A startling paper by a team of French scientists published in the preprint journal bioRxiv in April 2020 suggests that the novel coronavirus is capable of surviving at high temperatures.
How was the study done?
The team led by Professor Remi Charrel at the Aix-Marseille University in southern France aimed to find out at what temperature the severe acute respiratory syndrome coronavirus 2 (SARS-CoV-2) could survive. They subjected the viral culture within the host cells, from an African green monkey kidney, to slow heating for an hour, reaching a temperature of 60 degrees Celsius. The cells used for culture are standard for viral activity. The viral strain used came from a patient with COVID-19 in Berlin, Germany.
Novel Coronavirus SARS-CoV-2: This scanning electron microscope image shows SARS-CoV-2 (round gold objects) emerging from the surface of cells cultured in the lab. SARS-CoV-2, also known as 2019-nCoV, is the virus that causes COVID-19. The virus shown was isolated from a patient in the U.S. Credit: NIAID-RML
The study included 10 protocols for virus inactivation, including 3 lysis buffers and 6 heat inactivation protocols on the supernatant of SARS-CoV-2 cultures.
The infected cells were then placed within two different types of tubes, to mimic exposure to clean and dirty environments in real life. The ‘dirty’ tube contained animal protein contaminants, the aim being to produce a setting somewhat like that found in the real world, where an oral swab, for instance, may contain traces of other proteins.
When they tested the residual culture material for any surviving virus, they found that the infectivity was markedly reduced, but some strains could still replicate – enough to begin another round of infection. While the strains in the clean environment showed zero survival, some strains in the dirty environments survived.
They then went on to heat the culture to almost 100 degrees Celsius before they could confirm that the virus had been killed.
Why is this study important?
Testing for COVID-19 infection is happening the world over on a grand scale, due to the rapid spread of the pandemic. Some of these tests are being performed in laboratories with lower levels of biosecurity. Therefore, laboratory workers processing clinical samples can be exposed to the infectious SARS-CoV-2 virus.
SARS-CoV-2 direct diagnosis is based on RNA detection by RT-qPCR. The methods for nucleic acid (NA) extraction use buffers, which formulation intends to obtain high-quality NAs. They are not primarily developed for inactivation. Automated NA extraction is generally performed outside of biosafety cabinets, which demands that only non-infectious samples must be loaded. To achieve this objective, a prior inactivation step under appropriate biosafety conditions is an absolute requirement.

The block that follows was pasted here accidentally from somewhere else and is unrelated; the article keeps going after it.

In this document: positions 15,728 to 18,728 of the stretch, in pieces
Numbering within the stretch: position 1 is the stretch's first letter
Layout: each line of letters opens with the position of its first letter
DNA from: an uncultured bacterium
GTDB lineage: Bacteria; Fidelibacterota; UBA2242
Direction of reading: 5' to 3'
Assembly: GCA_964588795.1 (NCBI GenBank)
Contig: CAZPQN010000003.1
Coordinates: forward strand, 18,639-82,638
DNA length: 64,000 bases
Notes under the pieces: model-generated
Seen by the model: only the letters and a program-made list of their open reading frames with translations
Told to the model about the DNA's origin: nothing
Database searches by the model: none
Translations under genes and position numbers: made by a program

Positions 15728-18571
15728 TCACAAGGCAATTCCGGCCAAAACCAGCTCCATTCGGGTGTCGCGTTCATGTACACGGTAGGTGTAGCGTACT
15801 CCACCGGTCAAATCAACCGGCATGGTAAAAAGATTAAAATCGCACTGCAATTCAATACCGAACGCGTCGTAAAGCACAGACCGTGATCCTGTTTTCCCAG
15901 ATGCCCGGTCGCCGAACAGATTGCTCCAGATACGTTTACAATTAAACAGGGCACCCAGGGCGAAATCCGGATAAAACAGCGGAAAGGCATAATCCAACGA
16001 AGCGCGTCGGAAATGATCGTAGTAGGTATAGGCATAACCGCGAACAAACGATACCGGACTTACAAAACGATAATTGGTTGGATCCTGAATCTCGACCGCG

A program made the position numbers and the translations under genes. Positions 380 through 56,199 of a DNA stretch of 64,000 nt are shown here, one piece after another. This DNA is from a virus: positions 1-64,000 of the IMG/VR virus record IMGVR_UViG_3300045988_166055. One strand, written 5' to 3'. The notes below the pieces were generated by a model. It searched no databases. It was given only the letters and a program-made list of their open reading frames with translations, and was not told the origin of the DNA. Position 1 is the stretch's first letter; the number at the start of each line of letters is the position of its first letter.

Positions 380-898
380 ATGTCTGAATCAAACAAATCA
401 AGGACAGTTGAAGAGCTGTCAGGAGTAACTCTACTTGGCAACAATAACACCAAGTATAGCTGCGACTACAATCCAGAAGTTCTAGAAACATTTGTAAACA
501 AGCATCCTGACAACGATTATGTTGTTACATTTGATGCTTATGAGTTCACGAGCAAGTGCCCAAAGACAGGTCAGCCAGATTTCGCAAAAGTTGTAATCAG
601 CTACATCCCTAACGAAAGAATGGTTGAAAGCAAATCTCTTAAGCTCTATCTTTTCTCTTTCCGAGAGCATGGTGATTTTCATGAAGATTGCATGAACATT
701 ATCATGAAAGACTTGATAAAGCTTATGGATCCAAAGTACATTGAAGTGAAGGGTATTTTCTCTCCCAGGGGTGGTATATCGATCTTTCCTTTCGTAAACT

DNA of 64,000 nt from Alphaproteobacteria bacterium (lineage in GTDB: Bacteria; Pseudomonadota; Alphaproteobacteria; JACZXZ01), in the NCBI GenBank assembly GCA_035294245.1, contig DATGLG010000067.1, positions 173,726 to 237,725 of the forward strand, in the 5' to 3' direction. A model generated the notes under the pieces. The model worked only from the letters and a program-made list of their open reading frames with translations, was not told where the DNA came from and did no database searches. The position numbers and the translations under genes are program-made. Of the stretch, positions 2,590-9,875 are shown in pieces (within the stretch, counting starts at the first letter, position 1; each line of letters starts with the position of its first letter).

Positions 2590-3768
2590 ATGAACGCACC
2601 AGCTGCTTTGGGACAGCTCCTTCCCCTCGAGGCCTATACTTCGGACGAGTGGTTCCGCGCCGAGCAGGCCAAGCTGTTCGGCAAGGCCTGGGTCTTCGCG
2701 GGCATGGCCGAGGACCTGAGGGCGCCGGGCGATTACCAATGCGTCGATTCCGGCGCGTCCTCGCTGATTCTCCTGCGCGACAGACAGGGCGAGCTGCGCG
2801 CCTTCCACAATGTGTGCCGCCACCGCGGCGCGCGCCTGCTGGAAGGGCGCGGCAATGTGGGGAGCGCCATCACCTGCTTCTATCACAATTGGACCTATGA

Previous studies have addressed the ability of lysis buffers added to the samples in the initial step of NA extraction to act as inactivation agents of several pathogenic viruses (including coronaviruses). However, discrepant results observed with dissimilar protocols led to controversial conclusions.
Very soon, widespread antibody testing will be used to determine if people have already been infected. This testing will require the use of blood samples, which again means that complete viral inactivation must be first accomplished.
The most common protocol for virus deactivation is the one-hour 60-degree Celsius heating technique. In combination with the use of Triton X-100, it has been recommended by the Centers for Disease Control and Prevention (CDC), and used in many laboratories to inactivate viruses with high case fatality ratios, like the Ebola virus.
However, the new study shows that this may be inadequate to kill all the virus particles in samples with a high viral load, the researchers say. If only a small amount of the virus is present, though, this protocol will kill a high percentage of the strains, causing almost complete inactivation.
The investigators found that when they heated the samples to higher temperatures, namely, 92 degrees Celsius for 15 minutes, viruses were denatured entirely, and the sample became non-infectious. However, this is not a feasible solution because, at such temperatures, the viral RNA becomes fragmented, causing the number of false negatives to rise.
A better way is to combine the more extended lower-heat protocol with chemical sterilization to improve laboratory safety while preserving the optimal efficiency of virus detection. The researchers recommend the use of buffers with the chemicals sodium-dodecyl-sulfate and Triton-X100 to obtain an almost complete reduction in the infectious virus load. This is equivalent to a less than 6-log drop in the viral load even with large amounts of the virus.
In the words of the authors, “The results presented in this study should help to choose the best-suited protocol for inactivation in order to prevent exposure of laboratory personnel in charge of direct and indirect detection of Sars-CoV-2 for diagnostic purpose.”
Evaluation of heating and chemical protocols for inactivating SARS-CoV-2, Boris Pastorino, Franck Touret, Magali Gilles, Xavier de Lamballerie, Remi N. Charrel, bioRxiv 2020.04.11.036855; doi: https://doi.org/10.1101/2020.04.11.036855